Overview_of_Thyroid_Physiology - +Overview of Thyroid...

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+Overview of Thyroid Physiology Synthesis of T 4 3 T 4 (thyroxine, tetraiodothyronine) and T 3 (triiodothyronine) are synthesized from thyroglobulin in the follicular cells of the thyroid gland. Thyroglobulin is the storage form of the thyroid hormones and serves as reservoir of thyroid hormone. T 4 and T 3 are iodinated derivatives of the amino acid, tyrosine. The iodination of tyrosine to form monoiodotyrosine and diiodotyrosine, and the coupling reaction to form T 4 or T 3 are catalyzed by the enzyme, thyroid peroxidase. Thyroid peroxidase antibodies (formerly called microsomal antibodies) are present in the autoimmune disorder, Hashimoto’s thyroiditis. The thyroid gland synthesizes and secretes more T 4 (80 – 100 ug) than T 3 (4 ug). Synthroid/levothyroxine is the synthetic (drug) form of T4. Cytomel or liothyronine is the synthetic (drug) form of T3. Thyroid Hormone Transport T 4 is the major form of circulating thyroid hormone (100 nmol/L), whereas T 3 is 2 nmol/L. 99% of thyroid hormone is transported bound to Thyroxine binding globulin (TBG), transthyretin, and albumin. Most is bound to TBG. The bound form of thyroid hormone is inactive and serves as reservoir of preformed thyroid hormone that can buffer changes in circulating thyroid hormone levels. Free (unbound) thyroid hormone accounts for less than 1% of the thyroid hormone found in serum. It is the metabolically active form. Currently, labs are able to measure levels of free T 4 and T 3 , thus reducing the need for measurements of Free T 4 Index, total T 4 and T 3 resin uptake. It is important to note that the serum half life for T 4 is long (7 days). Since it takes 4-5 half lives for a drug to reach a therapeutic plateau level, it will take at least one month to achieve a therapeutic level of thyroid hormone replacement (levothyroxine [Synthroid]) in a person with clinical hypothyroidism. This is the reason for scheduling follow-up visits every 6 weeks to monitor TSH and adjust drug dosages accordingly. Thyroid Hormone Metabolism T 4 is the major thyroid hormone in the blood. 40% of it is converted to T 3 in the blood via Type 1 5’-deiodinase in the thyroid, kidney and liver. This accounts for 80% of the circulating T 3 . T 3 is the more physiologically active (3-5 times more potent) form of thyroid hormone, and is therefore, largely responsible for the cellular and metabolic effects of thyroid hormone. Within the skeletal muscle, CNS, and pituitary gland, Type 2 5’-deiodinase converts T 4 to T 3. T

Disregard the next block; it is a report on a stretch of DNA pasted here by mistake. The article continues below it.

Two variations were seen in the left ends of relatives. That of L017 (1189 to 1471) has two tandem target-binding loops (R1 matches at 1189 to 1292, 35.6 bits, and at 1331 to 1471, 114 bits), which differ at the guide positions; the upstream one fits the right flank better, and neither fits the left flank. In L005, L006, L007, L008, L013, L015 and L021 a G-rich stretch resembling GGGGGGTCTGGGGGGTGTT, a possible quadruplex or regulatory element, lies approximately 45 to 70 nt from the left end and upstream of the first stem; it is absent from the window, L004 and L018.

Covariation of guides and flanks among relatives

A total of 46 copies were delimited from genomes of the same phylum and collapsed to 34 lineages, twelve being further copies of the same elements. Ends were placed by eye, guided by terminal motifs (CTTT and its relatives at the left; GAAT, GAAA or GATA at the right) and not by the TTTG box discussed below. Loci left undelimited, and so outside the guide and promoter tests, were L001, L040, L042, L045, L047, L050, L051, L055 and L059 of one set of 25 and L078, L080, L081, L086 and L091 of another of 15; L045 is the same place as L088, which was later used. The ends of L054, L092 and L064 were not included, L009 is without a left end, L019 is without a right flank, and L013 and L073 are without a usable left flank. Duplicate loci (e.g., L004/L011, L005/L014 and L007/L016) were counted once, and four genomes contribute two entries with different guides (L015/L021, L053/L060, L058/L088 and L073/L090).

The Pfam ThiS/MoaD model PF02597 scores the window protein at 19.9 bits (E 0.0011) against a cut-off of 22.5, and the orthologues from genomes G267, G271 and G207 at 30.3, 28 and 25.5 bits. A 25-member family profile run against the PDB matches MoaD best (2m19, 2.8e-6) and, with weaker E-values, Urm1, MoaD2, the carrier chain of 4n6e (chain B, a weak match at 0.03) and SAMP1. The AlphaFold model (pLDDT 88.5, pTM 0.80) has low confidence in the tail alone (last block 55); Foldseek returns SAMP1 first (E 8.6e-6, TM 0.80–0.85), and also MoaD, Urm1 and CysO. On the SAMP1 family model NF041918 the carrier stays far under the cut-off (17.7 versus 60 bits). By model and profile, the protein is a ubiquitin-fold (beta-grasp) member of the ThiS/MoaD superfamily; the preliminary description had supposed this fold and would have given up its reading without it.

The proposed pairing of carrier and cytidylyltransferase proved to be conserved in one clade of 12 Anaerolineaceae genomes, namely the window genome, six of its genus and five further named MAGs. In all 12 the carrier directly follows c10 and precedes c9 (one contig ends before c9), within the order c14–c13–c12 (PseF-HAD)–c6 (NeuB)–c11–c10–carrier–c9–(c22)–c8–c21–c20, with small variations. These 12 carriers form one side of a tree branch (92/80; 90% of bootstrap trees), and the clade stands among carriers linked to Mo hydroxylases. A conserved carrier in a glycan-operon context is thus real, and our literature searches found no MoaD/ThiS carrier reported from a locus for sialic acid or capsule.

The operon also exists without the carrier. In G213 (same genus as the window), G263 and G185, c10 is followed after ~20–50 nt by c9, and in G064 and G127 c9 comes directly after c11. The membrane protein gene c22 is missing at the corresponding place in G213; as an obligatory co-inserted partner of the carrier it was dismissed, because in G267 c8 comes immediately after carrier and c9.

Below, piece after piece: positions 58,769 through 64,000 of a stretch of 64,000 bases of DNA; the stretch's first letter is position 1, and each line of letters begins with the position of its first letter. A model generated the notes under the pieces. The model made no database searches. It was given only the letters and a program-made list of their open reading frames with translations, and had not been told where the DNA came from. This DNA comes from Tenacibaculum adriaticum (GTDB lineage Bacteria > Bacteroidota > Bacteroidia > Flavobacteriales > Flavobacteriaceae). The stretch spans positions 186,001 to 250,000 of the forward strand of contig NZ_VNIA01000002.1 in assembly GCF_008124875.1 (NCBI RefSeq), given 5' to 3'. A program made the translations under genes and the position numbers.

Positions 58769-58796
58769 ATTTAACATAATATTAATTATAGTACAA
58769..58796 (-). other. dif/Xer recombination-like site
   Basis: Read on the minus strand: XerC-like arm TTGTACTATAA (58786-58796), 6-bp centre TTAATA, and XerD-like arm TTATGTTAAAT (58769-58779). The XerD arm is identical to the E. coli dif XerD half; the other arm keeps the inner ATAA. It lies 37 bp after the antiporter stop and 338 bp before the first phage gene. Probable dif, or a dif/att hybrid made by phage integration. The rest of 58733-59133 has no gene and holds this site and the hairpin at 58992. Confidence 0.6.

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This note was uploaded on 02/17/2012 for the course MPAS PA 602 taught by Professor Dr.laird during the Fall '10 term at Chatham University.

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Overview_of_Thyroid_Physiology - +Overview of Thyroid...

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